- Royce Miller
- The Age, January 27, 2009
AUSTRALIA is forfeiting billions of dollars in investment and thousands of jobs through its lack of support for solar energy, according to European companies that have shunned the sunburnt country.
An Age investigation has found that potential investors courted by federal and state governments have rejected Australia, the world's sunniest continent, citing a lack of business incentives such as tax breaks and the nation's unwillingness to regulate in favour of renewable energy.
Victorian cabinet committee documents obtained by The Age include a "commercial-in-confidence" list of predominantly European solar firms supposedly interested in Victoria.
The 2008 cabinet submission says that with appropriate support, Victoria alone could attract solar investment worth $2.5 billion along with 2500 new jobs.
The companies listed have since rejected advances from both the federal and state governments.
Norwegian solar cell manufacturer UMOE tops the confidential list. Last year it combed the world in search of a home for an $800 million solar cell plant that would eventually employ 1300.
Drawn to Australia by its natural solar strengths, UMOE talked to a number of states and the federal investment arm Austrade about a location for its poly-silicon plant.
But this month UMOE opted instead for cloudy Canada. Its renewables chief, Oystein Oyehaug, said: "In the 10 to 15 countries we visited we got substantially better packages than from Australia, whether it was tax or investment incentives or bank underwriting."
He said the solar industry had been hopeful the Federal Government would embrace renewable energy. But the "key problem" for solar energy in Australia was the Government's "lack of a policy".
Mr Oyehaug said it was "amazing" that the Australian economy remained so reliant on old industry favourites such as coal and iron ore mining. "In the long term you should be doing more than mining for the Chinese," he said.
However, Austrade said international interest in Australia's solar industry was growing as Labor implemented its energy and environmental policies and more investment was likely.
Australia was among the world leaders in solar energy in the early 1990s, but it has fallen behind as Germany, Japan, Spain and California have invested heavily and/or regulated in favour of renewable energy.
While few doubt that solar energy will fare better under Prime Minister Kevin Rudd than his predecessor, John Howard, leaders from the renewables industry and the environment movement say they are disappointed with Labor's effort so far.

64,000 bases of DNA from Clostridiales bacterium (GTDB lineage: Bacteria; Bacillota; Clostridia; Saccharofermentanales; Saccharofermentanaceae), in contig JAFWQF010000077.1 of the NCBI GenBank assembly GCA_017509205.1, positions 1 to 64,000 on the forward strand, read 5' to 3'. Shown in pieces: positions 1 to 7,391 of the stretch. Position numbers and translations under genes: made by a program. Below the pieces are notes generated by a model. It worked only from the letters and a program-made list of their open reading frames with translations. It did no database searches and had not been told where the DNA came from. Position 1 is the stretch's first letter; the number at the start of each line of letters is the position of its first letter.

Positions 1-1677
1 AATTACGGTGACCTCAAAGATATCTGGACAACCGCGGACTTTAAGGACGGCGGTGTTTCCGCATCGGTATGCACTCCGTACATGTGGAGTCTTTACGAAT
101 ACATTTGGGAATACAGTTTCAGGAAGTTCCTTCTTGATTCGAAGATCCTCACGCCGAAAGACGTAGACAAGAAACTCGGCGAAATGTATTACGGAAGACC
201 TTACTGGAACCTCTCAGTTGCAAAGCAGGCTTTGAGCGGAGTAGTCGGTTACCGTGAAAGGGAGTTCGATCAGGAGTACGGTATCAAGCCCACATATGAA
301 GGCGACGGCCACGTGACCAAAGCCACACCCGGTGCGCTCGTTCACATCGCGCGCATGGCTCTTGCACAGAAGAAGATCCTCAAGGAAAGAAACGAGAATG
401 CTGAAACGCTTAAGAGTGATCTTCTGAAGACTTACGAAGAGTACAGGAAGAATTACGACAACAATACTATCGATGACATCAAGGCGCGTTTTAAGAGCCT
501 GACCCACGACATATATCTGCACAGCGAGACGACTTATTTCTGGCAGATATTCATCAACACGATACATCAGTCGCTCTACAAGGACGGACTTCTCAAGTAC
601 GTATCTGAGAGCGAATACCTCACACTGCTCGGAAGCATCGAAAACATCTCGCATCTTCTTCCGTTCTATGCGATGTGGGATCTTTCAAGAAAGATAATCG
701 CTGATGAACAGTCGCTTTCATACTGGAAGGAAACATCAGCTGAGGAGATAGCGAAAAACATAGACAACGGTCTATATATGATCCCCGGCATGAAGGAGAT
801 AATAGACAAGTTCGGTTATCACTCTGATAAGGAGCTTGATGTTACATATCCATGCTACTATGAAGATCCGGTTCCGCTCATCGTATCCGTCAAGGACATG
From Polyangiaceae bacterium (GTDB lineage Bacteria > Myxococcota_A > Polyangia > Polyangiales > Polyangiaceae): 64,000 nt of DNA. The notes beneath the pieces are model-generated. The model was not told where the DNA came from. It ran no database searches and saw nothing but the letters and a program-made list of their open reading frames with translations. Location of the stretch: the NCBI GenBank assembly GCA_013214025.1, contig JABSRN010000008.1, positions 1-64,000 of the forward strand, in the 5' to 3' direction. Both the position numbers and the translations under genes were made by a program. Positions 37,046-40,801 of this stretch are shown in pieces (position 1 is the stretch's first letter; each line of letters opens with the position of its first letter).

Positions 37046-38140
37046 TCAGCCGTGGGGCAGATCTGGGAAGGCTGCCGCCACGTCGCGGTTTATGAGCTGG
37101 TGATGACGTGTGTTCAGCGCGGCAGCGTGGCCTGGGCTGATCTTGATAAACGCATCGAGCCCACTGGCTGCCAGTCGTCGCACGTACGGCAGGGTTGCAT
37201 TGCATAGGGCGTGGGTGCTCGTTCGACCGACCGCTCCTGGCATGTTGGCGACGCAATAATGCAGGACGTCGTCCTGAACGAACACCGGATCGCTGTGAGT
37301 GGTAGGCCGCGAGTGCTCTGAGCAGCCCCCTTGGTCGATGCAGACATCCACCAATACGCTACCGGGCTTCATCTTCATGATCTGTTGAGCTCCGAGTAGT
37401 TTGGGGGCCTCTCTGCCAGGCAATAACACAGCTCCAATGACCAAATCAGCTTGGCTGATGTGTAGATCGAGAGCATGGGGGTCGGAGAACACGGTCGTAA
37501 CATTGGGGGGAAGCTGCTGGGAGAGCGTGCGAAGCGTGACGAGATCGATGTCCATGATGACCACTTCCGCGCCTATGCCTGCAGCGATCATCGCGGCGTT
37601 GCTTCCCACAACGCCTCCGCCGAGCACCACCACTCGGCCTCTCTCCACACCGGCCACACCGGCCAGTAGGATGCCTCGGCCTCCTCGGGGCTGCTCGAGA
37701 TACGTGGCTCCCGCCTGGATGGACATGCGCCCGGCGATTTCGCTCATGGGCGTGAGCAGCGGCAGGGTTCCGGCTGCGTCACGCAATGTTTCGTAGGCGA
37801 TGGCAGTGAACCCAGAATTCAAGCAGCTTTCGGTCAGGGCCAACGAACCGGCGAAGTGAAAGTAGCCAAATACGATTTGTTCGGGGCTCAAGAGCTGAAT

The Government defended its record on encouraging renewable energy and solar in particular.
Michael Bradley, a spokesman for Energy Minister Martin Ferguson, pointed to projects and programs such as the $500 million renewable energy fund, the $150 million energy innovation fund, and the $100 million Australian Solar Institute.
Mr Bradley said solar energy development would also benefit from the Government's target of producing 20 per cent of all electricity from renewable sources by 2020, and the carbon pollution reduction scheme, which would make renewables more attractive.
Germany's solar panel industry boomed in 2000 when the government introduced generous payments to solar producers. Western Australia and the ACT have embraced the German model but Queensland, South Australia and Victoria have adopted or are about to introduce, a watered-down version.
The Federal Government has not backed the more generous scheme.
Another company on the Victorian list is German-based solar panel specialists Solon, which visited in December but has decided against investing.
Sales director Ulrich Prochaska told The Age Australia was unlikely to build a substantial solar industry without providing a kickstart. He said a German-style pricing system would trigger a solar "boom" in solar investment in Australia.
Third on the international list is German solar panel manufacturer ALEO Solar. Again, the company has chosen to invest elsewhere, this time in China. Spokesman Pascal Bertolone said it was "surprising" that Australia seemed unwilling to regulate in favour of renewables.
The Victorian cabinet committee list also included Australian solar company Spark Solar as a possible investor in Victoria but Spark is almost certain to establish its $70 million factory and 115 jobs in the ACT or NSW, as close as possible to the solar-friendly ACT.
Mr Bradley would not comment directly on the Government's decision not to back a German-style tariff, instead stressing the importance of competition. "We need competition in the market so that the best and the most efficient technologies succeed," he said.
While Australia has lagged on solar energy, it at least had countries with like-minded governments such as the Bush administration US for company.
But it now risks being outshone even by the US, with new President Barack Obama declaring his aim of doubling renewable energy production in three years.
With LIZ MINCHIN